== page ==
“Desert Gold In The Picture of That Name (Coming Shortly)” Sun, Sydney, 16 March 1919
The story concerns a young prospector, who with Desert Gold as his only companion, wanders into the wilderness in search of gold. His efforts meet with success although disaster nearly overtakes him because of the treachery of Harrington, a sundowner to whom he has extended hospitality at his camp. Becoming very rich and being passionately fond of horses, he decides to make racing and its thrills his particular interest in life and setting up as an owner and breeder in a large way, he soon finds enjoyment in everything. His trainer has a pretty daughter and with her he falls in love.
Everything goes along happily until Harrington again appears on the scene as a rich bookmaker and owner, possessing in addition the reputation of a racing ‘crook.’ Owing to dishonesty at gambling, he gets the trainer of Desert Gold into his schemes and finally proposes marriage to the trainer’s daughter, Joan, as the only means of saving her father from bankruptcy.
A series of dramatic scenes follow, including an exciting chase of a railway train to Katoomba and incidentally the prevention of Harrington’s marriage to Joan. Instead she is united to Desert Gold’s owner and the only disgruntled individual is Harrington, who has failed to obtain possession, not only of Joan, but also of Desert Gold. The scenic portions of the picture are interesting, the spectator obtaining glimpses of the Blue Mountains and Randwick racecourse. There are some thrilling racing views (Poverty Bay Herald, 28 March 1919).
The main actress, Desert Gold, “makes a fine film star and was not the least nervous in her initial production” (Sun, Sydney, 16 March 1919).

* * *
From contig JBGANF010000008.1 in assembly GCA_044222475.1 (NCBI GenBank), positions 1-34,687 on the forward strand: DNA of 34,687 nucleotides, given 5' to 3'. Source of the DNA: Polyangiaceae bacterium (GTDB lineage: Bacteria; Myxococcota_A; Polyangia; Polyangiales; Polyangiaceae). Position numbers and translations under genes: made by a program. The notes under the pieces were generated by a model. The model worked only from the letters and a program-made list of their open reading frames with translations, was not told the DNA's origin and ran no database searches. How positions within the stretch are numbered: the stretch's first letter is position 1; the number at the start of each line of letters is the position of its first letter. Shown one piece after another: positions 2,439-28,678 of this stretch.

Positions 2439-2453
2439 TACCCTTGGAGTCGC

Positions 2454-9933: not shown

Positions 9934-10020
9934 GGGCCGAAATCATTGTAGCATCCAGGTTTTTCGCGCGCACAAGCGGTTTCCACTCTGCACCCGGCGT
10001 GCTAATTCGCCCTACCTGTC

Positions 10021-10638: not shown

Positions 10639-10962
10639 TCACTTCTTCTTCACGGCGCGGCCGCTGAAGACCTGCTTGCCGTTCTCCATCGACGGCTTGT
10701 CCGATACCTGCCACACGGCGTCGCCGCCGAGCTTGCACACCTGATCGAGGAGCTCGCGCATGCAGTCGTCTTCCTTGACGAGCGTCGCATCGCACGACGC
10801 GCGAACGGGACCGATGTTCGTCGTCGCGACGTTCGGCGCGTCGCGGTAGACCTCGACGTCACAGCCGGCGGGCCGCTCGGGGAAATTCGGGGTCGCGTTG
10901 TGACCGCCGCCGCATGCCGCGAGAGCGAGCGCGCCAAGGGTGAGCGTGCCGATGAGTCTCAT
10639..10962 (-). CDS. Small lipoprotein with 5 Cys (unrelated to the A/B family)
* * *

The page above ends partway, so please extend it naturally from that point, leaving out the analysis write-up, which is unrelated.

The movie was supposed to have opened in Sydney theatres on 16 March 1919 but was postponed so that Beaumont Smith could film and add in a few more scenes (Sunday Times, 16 March 1919). The silent movie was shown around Australia and New Zealand throughout 1919 and 1920 but all copies were lost in a fire in 1925 in Melbourne when over a million feet of film, including Desert Gold and seventy other feature films were destroyed (The Argus, 3 February 1925). Beaumont Smith would go on to make other films such as The Man from the Snowy River, While the Billy Boils, and The Betrayer, a throbbing inter-racial romance of two islands, New Zealand and Australia with shots of geysers and mud pools.
Beaumont Smith remained Australia’s most energetic producer. His second feature for the year, the racing drama Desert Gold, was delayed by the influenza epidemic and not screened until September. The undoubted star of the picture was T. H. Lowery’s racehorse Desert Gold who received excellent support from Bryce Rowe, Marie Ney and John Cosgrove. The cameras mingled with the brilliant throng in the paddock ... the wise heads of the leger... the roaring, excited mob on the flat. Identities from Tatts, crack jockeys, big punters and winning trainers gave an air of authenticity to the film.
During the shooting of the film, dry ground at Botany Bay doubled for a desert in Central New South Wales. In the script, Marie Ney’s horse shied and threw her as she galloped through the arid region, but the sequence proved too realistic and Miss Ney broke an arm. For the rest of the picture she wore her arm in a sling, but was photographed so well that picturegoers were not aware of it.
McCallum, Lawrence Robert, 'Desert Gold', excerpt from Tinkers Gully, Desert Gold, Avoch and Other Stories, due out in 2023.
Pike & Cooper.
Reade, Eric 1975, The Australian Screen: A Pictorial History of Australian Film-making, Lansdowne Press, Melbourne: 86.
Tulloch, John 1981, Legends on the Screen: The Narrative Film in Australia 1919-1929, Currency Press/Australian Film Institute, Sydney, 1981: 68, 71, 204, 216.
Garry Gillard | New: 28 November, 2012 | Now: 24 October, 2022